Despite all this and all my frustrations from the previous day, I did manage to find some form of relaxation on my beach day out. Hard not to in such an idyllic
Other than the main Cascada del Bejuco, there are a number of other waterfalls also in the Pico Bonito National Park.
setting. Minus all the cruise ships passengers and the hotel resorts, this would have been the Caribbean paradise I have been looking for.
Argh, I had a terrible night's sleep that night too, thanks to the mosquitoes. I was getting bitten every two minutes. They stung like f*ck too. I couldn't cover myself with my sheet because it was too hot and even then some of them were biting me through the sheet. Around 7am I had to escape my room and sleep a couple of hours in hammock on the terrace. Not great, but at least I wasn't getting bitten.
On my last day on the island, I finally set about exploring Roatan's famed coral reef with my snorkel. Accessing it for free from a couple of points in West End, you could see that much of the reef has been damaged but there is still a lot left of it to see. There were loads of vibrantly multi-coloured tropical fish in various shades of purple, aquamarine, orange, red, dark blue and yellow - sometimes, all on the one fish! Cool! Sadly, I didn't see any stingrays, eels or turtles which the guy working at the hostel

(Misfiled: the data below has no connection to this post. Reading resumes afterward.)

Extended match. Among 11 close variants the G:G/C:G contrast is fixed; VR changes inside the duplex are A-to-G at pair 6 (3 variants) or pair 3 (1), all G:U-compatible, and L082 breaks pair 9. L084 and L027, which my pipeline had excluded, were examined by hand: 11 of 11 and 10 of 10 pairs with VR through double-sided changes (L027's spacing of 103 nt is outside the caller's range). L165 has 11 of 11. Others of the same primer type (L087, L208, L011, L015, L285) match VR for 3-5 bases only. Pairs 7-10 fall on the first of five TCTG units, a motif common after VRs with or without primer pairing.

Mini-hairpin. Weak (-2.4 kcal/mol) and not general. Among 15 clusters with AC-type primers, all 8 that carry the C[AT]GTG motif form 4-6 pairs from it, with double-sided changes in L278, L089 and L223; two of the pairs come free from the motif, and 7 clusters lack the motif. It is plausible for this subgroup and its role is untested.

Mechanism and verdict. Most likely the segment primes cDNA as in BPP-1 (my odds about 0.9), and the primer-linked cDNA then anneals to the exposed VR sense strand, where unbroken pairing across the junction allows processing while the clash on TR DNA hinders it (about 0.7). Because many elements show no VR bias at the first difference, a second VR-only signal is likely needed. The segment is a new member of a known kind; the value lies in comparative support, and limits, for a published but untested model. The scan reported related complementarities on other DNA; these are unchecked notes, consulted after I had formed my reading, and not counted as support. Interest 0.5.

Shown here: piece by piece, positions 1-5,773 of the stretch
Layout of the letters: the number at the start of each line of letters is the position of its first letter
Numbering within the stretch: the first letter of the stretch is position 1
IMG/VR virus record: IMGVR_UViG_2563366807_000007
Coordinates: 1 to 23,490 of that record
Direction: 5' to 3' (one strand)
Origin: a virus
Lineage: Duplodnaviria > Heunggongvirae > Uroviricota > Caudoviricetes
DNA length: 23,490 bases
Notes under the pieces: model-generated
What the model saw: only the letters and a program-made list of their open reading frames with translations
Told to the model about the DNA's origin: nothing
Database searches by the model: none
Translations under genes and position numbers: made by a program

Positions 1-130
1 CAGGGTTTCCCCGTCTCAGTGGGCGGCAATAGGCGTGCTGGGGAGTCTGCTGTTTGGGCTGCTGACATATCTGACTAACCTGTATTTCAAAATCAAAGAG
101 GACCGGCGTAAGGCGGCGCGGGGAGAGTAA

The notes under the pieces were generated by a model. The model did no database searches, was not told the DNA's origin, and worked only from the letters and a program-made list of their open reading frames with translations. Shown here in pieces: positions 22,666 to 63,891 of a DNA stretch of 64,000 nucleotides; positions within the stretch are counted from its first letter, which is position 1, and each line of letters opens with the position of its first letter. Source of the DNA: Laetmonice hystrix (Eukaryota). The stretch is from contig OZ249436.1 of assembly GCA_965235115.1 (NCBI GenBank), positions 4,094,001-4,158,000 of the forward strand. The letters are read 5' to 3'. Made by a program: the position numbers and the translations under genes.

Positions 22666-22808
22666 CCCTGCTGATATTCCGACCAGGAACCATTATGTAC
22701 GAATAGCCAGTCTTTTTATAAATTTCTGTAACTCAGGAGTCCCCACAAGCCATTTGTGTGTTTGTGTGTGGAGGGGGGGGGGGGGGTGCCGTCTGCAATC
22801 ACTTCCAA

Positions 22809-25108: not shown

Rafting on the Rio Cangrejal, we turn the wrong way down a huge rapid...
said he has seen while snorkelling off West End.
I tried my best not to touch the coral but unfortunately I ended up stranded in really shallow water a few times and ran aground on the reef. Snorkelling is also tiring, particularly on your legs and your jaw - your biting down the whole time to keep your snorkel in place - and I was meant to hit West Bay again for some paddle-boarding and more snorkelling, but after two hours in the water, I was done. The reef at West Bay requires a little swimming to get to and there will be more opportunities to paddle board in the near future, when I get to Belize and Mexico.
I have to say that when I eventually left the island, that I felt it was the right time to go. The place is beautiful - as evidenced by my taxi ride to the ferry terminal the next morning - but I just didn't dig the vibe. It isn't really backpacker-friendly and is more a place for short-term holidays, which is reflected in the prices for everything. Maybe I'll bring my wife and kids back on a cruise ship one
Watch Out For The Rocks
Close call rafting on the Rio Cangrejal.
The only thing I'll miss is my routine of coming back from the beach after watching the sunset there, having a shower, cracking open a beer and then cooking and eating my dinner. So I did manage to create some positives from the experience after all.
Most of my experience in Central America so far has involved natural sights, activities and drinking - now it was time to finally see a bit of culture again in the form of the Copan Ruins, which is what you'll read about in my next blog entry. So until then...